From Calgary, Canada — Consider this: Kings center Anze Kopitar, an established, top-flight player in his fifth NHL season, has yet to win a game in Calgary.
Kopitar set up a goal Sunday with a long shot that was tipped past Miikka Kiprusoff by Dustin Brown, but that wasn't enough to keep the Flames from grinding out a 3-1 victory and extending the Kings' losing streak here to 10 games.
The Kings haven't prevailed at the Flames' home arena — recently rechristened the Scotiabank Saddledome, its fourth name — since Dec. 21, 2005. Only Brown has won a game here as a King.
"For some reason when we come here, always, Kiprusoff stands on his head," Kopitar said, though the Flames' goaltender rarely had to resort to acrobatics Sunday in stopping 21 shots.
"In my four years and a half here I don't remember us scoring more than three goals, I think. We're going to have to bring that number up a little bit."
A lot, actually. His setup for Brown produced the Kings' first five-on-five goal this season and stirred reminders of their weakness in that area last season. In their season opener Saturday at Vancouver they had scratched out a 2-1 victory with a power-play goal and a shootout triumph. "We're going to have to pick it up offensively, for sure," Kopitar said.
In several other areas too, if they expect to win their home opener Tuesday against Atlanta and many more games after that.
Their downfall Sunday was allowing the Flames to score while short-handed. Kings defenseman Jack Johnson turned the puck over to Brett Sutter — who was put on waivers last week by his father, Flames General Manager Darryl Sutter — and Sutter fed Curtis Glencross for a slick backhander that got past Jonathan Bernier at 11:31 of the second period.
In the third period, about 35 seconds after Jarret Stoll hit the post, former King Craig Conroy padded Calgary's lead to 2-0. He used Davis Drewiske as a screen for a shot from the right wing that deflected off Drewiske's stick and changed direction enough to surprise Bernier.
"I felt like I was playing him square on the puck," Bernier said, "and when the puck got in I looked on my stick and I felt I was off a little bit. He said he felt his stick got hit."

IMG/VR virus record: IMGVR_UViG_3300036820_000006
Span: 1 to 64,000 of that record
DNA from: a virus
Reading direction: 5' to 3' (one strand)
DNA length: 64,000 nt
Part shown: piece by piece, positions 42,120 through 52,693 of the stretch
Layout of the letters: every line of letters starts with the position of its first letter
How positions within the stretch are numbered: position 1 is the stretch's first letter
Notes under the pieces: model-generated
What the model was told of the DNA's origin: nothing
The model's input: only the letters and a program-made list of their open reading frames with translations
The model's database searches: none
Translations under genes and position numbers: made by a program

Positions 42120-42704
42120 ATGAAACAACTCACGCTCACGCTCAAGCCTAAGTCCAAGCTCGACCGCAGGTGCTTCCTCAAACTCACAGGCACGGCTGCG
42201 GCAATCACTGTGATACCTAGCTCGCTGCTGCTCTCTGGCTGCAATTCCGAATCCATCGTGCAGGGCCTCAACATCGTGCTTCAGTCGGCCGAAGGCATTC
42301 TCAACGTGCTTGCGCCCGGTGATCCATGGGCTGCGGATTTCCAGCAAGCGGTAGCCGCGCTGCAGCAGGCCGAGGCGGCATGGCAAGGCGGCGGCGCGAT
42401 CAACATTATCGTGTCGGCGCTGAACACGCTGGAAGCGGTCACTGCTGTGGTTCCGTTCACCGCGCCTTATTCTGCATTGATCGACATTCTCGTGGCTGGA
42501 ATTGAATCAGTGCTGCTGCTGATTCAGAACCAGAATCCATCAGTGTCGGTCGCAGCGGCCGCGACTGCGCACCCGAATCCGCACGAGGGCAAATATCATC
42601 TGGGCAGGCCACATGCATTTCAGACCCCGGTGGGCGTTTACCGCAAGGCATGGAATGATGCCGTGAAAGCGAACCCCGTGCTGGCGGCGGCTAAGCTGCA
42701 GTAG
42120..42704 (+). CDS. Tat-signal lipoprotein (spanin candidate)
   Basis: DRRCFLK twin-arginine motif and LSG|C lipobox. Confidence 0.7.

Drewiske said he tried to get a stick on Conroy. "That was a tough one for Bernie. Nine times out of 10 it deflects in the corner," Drewiske said. "It was still a good shot. It had speed. I'll just try to have a better gap on him next time."
The Kings pulled within a goal at 14:06 of the third on Brown's close-in tip, but Brad Richardson short-circuited their comeback hopes when he took a bad high-sticking penalty with 1:35 to go. The Kings pulled Bernier but never mustered any pressure, and Niklas Hagman scored into the empty net with 22.4 seconds left to make the Flames' home opener a victorious occasion in what has become, by any name, a house of horrors for the Kings.
Kings Coach Terry Murray said he was happy with his team's performance for the first 30 minutes or so but was critical of the missteps that followed.
"I thought the first half of the game was good. Unfortunately we gave that game to them with opportunities on the power play, the short-handed goal and then the second goal with a turnover trying to make a cute play inside the offensive blue line and they come right back at us," Murray said.
Nor was he pleased with his players' lack of discipline at crucial times. "Giving up power plays is something you've got to try and stay away from," he said. "Stuff is going to happen. Tonight we gave them the opportunities that I felt were careless plays."
Murray said he would review the game before deciding whether to change his lineup for Tuesday's game against the Thrashers at Staples Center. Drewiske suggested the most important changes might be mental rather than personnel-related.
"I don't think it's our best game tonight," he said, "but you've got to give them credit and be ready for Tuesday and be a lot more detailed in every aspect of the game."